Serious issues face an entertainment-driven nation

Monday, February 11, 2008 | 10:00 a.m. CST; updated 7:17 a.m. CDT, Tuesday, July 22, 2008

One of the privileges of independent wealth, I suppose, is that you don’t really have to care about the country you live in. If your lifestyle starts to deteriorate, you can just pick up and move somewhere else.

This is the only way I can make sense of the attitudes of the television political broadcasters who seem to think the upcoming presidential election is a barrel of laughs. Obviously, they don’t feel personally involved in the outcome. That has to mean that their families don’t have to care whether the country lives or dies. Many of them act as if it’s just another Super Bowl.

On the other hand, anyone who has to care about health care for their friends or family, for example, couldn’t possibly have so much fun joking about the exploits of the candidates. Folks who have to take these issues seriously would want to pin these candidates down and find out what kind of plans they have to offer. But for the rich and successful, I guess it’s all just another happy-go-lucky event. To me, this points out the necessity of getting serious people in responsible positions if we are ever going to get the country on a better path.

Frankly, inserting entertainment gossip in the midst of news stories indicates to me that the people who are bringing the news over the airwaves are just having a good time. I’m sure people around the world just shake their heads at how out of control American society has become. It appears that nothing is worth taking seriously in our world.

Everyday people have individuals close to them with life-threatening illnesses who are uninsured, and they know others who are in financial distress, in danger of falling over the edge. All of us need a reason to hope, something to cling to and apparently, the only thing we can truly believe is that our best days in America have come and gone. The electronic media have succumbed to the idiocy of the two-party system so we are without any opportunity to overcome the dilemma of a bought-and-paid-for government by lobbyists.

It’s hard to know what our future will look like. It certainly doesn’t appear to be promising for young people of the middle class or below. Education seems to have a low priority. Once again, having fun seems to be what so many young and old seem to want out of life. Anymore, everything seems to center around our need to be entertained. In that regard, I guess the television broadcasters are just giving us what they think we want.

As illiteracy takes hold of our population, I imagine our communities will began to fall apart piece by piece. Undoubtedly, we’ll have to bring more people in from other countries to fill our professional positions. With so many high schools failing to produce large numbers of graduates, skilled workers are going to become pretty scarce. I would say that professions such as teaching will be in trouble. As our technology becomes more complex and our citizens become less literate, we’ll have to depend on foreigners to maintain our lifestyle.

With the government in the shape it’s in and no help in sight, individuals are going to have to begin taking matters into their own hands if they want to see improvement. When citizens truly get fed up with poor schools, they are going to have to take a hard look at how their schools operate and to what extent state and federal laws contribute to their success or failure. Certainly, they are going to have to look closely at teacher qualifications. And of greatest importance will be the need to examine school discipline procedures. With what some school staff and teachers have to put up with, I’m surprised these schools are able to keep employees. To allow some of these institutions to continue to operate at taxpayers’ expense is nonproductive.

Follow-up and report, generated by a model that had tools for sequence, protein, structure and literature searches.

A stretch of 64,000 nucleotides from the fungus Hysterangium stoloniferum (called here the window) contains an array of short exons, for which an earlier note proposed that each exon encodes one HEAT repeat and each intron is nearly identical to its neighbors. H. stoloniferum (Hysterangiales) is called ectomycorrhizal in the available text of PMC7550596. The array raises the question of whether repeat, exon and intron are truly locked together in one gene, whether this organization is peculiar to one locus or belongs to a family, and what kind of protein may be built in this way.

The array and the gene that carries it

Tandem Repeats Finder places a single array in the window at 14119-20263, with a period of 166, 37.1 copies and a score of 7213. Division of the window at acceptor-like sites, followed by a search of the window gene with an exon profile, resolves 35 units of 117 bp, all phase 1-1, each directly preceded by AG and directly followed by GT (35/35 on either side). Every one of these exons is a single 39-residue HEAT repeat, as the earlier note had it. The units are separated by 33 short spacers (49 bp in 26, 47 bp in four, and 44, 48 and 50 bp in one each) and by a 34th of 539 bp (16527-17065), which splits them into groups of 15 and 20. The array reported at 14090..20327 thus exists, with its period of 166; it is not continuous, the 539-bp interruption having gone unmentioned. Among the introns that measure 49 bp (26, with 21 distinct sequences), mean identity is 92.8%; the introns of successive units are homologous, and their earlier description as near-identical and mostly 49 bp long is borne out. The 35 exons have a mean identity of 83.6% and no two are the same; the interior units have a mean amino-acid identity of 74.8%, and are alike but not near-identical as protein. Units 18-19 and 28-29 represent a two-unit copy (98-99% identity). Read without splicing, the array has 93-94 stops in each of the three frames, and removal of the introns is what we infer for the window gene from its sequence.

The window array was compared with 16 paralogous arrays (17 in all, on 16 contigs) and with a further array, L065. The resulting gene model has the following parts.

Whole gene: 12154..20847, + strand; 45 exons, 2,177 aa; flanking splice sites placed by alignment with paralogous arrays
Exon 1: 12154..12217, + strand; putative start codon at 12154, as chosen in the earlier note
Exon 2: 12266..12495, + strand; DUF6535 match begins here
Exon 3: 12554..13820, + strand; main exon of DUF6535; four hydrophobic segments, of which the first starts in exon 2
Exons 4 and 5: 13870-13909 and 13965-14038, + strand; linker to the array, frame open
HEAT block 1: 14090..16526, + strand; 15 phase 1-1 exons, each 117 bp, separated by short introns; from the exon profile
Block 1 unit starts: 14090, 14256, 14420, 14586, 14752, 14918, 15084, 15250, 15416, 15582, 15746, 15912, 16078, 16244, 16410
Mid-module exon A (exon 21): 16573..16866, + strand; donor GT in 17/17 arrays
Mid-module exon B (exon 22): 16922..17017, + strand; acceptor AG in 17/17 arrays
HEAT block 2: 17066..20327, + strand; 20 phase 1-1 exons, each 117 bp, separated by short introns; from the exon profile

And people are eventually going to have to begin to see that their locally elected officials toe the mark, if they want to maintain civility in their communities. Most people have way too much on their plates, and so they let the small things pass. Unfortunately, those things add up to become litter-filled streets, ear-shattering music pouring out of cars, street corners filled with rowdy teenagers, nightly sprees of vandalism and all sorts of criminal trespass.

In other words, at this point, the political parties have become so powerful nationally that the only way that we may ever know government of the people, by the people and for the people will be at the city and county level. Therefore, it is important that we keep these officials under our control for as long as we can and demand that they serve our needs.

Tight money and a spiraling cost of living are going to make the coming months very challenging. The more things we have working in our favor, the better off we will be. The last thing we need is people on television adding to our misery. At least, in their case, we can turn them off.

You can join the conversation with Rose M. Nolen by calling her at 882-5734 or e-mailing her at

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Mark Foecking February 14, 2008 | 8:43 a.m.

Well said, about todays children not getting what they need from the educational process. However, parents have to get involved with this also. Parents can fall victim to the lure of entertainment, materialism, and the lure of easy credit also, and they have more to do with forming attitudes and values than the schools do.

I must disagree about who is President, however. The President has little to do with the health of the economy, and the federal budget is generally set by Congress. I would say it matters little who is preseident to the average life of a middle class American.

THe best thing everyone can do now is learn to use less stuff. That way, they're prepared for whatever life throws at them.


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